During this same interval, Wolfe met two women who would play pivotal role in his growth as a musician: Carla Olson of the Textones and Sheryl Crow. At that time, Crow was honing her skills while working as an in-studio back-up singer. She was introduced to Wolfe by Stephen "Scooter" Weintraub, who would later manage both artists. From this introduction began a creative relationship that shaped the careers of both artists. In short order, Wolfe and Crow went from collaborating in studio sessions in New York City to the two traveling to Los Angeles, forming a band, and working to earn a record deal.

Although this effort did not result in a record contract for Crow, Wolfe used the opportunity to relocate permanently to Los Angeles, and to revamp his band's line up. Troy & the T's played in "holes in the wall" throughout Southern California. During this time, Wolfe also began to score music for the Playboy Channel. In 1991, Wolfe teamed up with Olson, whom he had met while still in New York. Wolfe accepted Olson's invitation to join her band as lead guitarist, a spot he held for the next two years.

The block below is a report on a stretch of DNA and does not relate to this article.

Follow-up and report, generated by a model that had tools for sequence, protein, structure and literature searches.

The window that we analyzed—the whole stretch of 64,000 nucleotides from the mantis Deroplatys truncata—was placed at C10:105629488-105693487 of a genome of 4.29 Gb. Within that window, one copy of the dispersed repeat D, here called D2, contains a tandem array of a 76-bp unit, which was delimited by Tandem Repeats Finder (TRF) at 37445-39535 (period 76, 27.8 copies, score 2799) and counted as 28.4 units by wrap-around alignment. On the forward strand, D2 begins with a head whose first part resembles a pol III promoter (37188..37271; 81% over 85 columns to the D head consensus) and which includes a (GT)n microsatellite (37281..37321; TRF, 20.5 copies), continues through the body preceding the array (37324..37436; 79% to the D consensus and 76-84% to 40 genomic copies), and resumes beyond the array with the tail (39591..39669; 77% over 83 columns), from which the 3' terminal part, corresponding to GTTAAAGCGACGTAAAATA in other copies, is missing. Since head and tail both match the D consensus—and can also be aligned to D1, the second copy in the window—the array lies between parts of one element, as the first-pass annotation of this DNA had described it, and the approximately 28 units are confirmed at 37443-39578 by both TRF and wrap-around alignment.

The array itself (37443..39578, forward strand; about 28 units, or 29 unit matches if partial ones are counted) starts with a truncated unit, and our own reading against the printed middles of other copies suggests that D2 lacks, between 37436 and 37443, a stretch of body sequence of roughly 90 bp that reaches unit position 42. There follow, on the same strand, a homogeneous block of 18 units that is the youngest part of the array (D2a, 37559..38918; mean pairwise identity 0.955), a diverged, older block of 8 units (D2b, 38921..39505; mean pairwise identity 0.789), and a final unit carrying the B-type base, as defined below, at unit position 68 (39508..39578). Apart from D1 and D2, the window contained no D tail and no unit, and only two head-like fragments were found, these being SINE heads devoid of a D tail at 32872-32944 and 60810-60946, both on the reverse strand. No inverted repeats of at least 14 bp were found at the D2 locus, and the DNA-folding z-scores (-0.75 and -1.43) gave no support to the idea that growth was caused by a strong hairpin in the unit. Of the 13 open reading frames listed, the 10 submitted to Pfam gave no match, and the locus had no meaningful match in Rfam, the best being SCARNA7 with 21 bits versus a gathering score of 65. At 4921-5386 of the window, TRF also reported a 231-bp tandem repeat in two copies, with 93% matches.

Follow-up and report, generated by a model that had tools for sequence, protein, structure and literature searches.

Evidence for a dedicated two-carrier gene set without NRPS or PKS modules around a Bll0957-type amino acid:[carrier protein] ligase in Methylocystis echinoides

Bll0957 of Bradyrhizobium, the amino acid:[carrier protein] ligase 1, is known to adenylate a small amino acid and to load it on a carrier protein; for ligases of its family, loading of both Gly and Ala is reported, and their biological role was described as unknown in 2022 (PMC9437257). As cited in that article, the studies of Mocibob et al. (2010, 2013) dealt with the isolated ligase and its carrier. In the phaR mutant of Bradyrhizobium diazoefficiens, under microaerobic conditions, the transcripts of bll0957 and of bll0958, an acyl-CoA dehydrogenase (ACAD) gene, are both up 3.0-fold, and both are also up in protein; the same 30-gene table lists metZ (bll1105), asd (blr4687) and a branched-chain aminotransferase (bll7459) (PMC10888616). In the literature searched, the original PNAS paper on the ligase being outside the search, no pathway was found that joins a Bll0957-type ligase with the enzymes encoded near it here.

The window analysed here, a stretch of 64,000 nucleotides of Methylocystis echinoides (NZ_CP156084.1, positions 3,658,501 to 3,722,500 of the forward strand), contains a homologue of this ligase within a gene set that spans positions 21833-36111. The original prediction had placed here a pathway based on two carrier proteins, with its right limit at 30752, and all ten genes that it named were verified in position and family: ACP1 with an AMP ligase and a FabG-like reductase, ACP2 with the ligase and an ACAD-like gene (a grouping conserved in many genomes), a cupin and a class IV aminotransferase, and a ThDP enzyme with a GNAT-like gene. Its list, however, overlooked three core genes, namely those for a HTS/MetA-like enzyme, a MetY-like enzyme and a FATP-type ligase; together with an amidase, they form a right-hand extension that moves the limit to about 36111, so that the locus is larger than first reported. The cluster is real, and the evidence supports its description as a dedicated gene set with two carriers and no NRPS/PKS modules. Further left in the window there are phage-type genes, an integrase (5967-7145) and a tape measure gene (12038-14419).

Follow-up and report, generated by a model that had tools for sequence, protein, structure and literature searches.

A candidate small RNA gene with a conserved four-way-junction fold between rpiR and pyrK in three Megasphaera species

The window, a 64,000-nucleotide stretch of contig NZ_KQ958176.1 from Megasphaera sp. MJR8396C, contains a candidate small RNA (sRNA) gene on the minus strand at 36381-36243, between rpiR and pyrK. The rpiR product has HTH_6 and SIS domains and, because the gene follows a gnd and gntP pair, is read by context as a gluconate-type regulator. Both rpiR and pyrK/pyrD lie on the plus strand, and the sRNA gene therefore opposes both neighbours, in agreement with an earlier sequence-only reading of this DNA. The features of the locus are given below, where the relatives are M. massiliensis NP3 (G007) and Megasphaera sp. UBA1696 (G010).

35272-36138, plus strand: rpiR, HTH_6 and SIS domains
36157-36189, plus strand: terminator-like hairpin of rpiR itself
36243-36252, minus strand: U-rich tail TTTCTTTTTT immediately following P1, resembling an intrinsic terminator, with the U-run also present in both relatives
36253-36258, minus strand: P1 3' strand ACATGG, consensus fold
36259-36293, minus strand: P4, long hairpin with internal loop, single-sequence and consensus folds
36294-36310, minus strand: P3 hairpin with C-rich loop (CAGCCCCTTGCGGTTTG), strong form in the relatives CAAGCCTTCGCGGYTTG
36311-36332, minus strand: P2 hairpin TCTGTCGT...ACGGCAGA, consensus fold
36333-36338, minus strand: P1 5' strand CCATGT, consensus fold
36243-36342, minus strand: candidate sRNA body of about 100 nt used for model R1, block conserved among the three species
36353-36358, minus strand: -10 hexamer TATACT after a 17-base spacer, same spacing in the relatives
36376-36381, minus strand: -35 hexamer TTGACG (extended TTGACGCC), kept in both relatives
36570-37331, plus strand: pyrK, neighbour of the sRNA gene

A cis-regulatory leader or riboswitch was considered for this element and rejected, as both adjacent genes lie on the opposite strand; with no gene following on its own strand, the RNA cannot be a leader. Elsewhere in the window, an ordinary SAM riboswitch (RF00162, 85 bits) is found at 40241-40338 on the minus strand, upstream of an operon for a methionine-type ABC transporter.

In 1993, Crow offered Wolfe the lead guitar spot in the touring band she was forming to support her debut album, Tuesday Night Music Club. Based upon her earlier work with Wolfe, Crow understood that his dynamic stage presence would bring an additional measure of excitement to her live shows. During the next five years, Crow and her band would sojourn from "all in the van" tours of local establishments to a string of world tours in which they opened for performers such as Bob Dylan, The Rolling Stones, The Eagles, Plant & Page, and Elton John. In 1996, Wolfe co-wrote with Sheryl Crow "Hard to Make a Stand," which appeared on Crow's eponymously titled second album, Sheryl Crow.[3]

In 1995, while a member of Crow's band, Wolfe put together a band which signed with A & M Records. The band, Mojoson, included Wolfe as the lead guitarist, Scott Bryan—a fellow member of Crow's band—on guitar, keyboards and lead vocals, bassist Eric Massimino and drummer Michael Lawrence, who also played for Sun 60. Over a three-year period, the band recorded two studio albums. However, A&M underwent a transition of ownership before the albums were released. Consequently, the label's "takeover" albums went unissued, Mojoson's contract was dissolved, and the band was disbanded.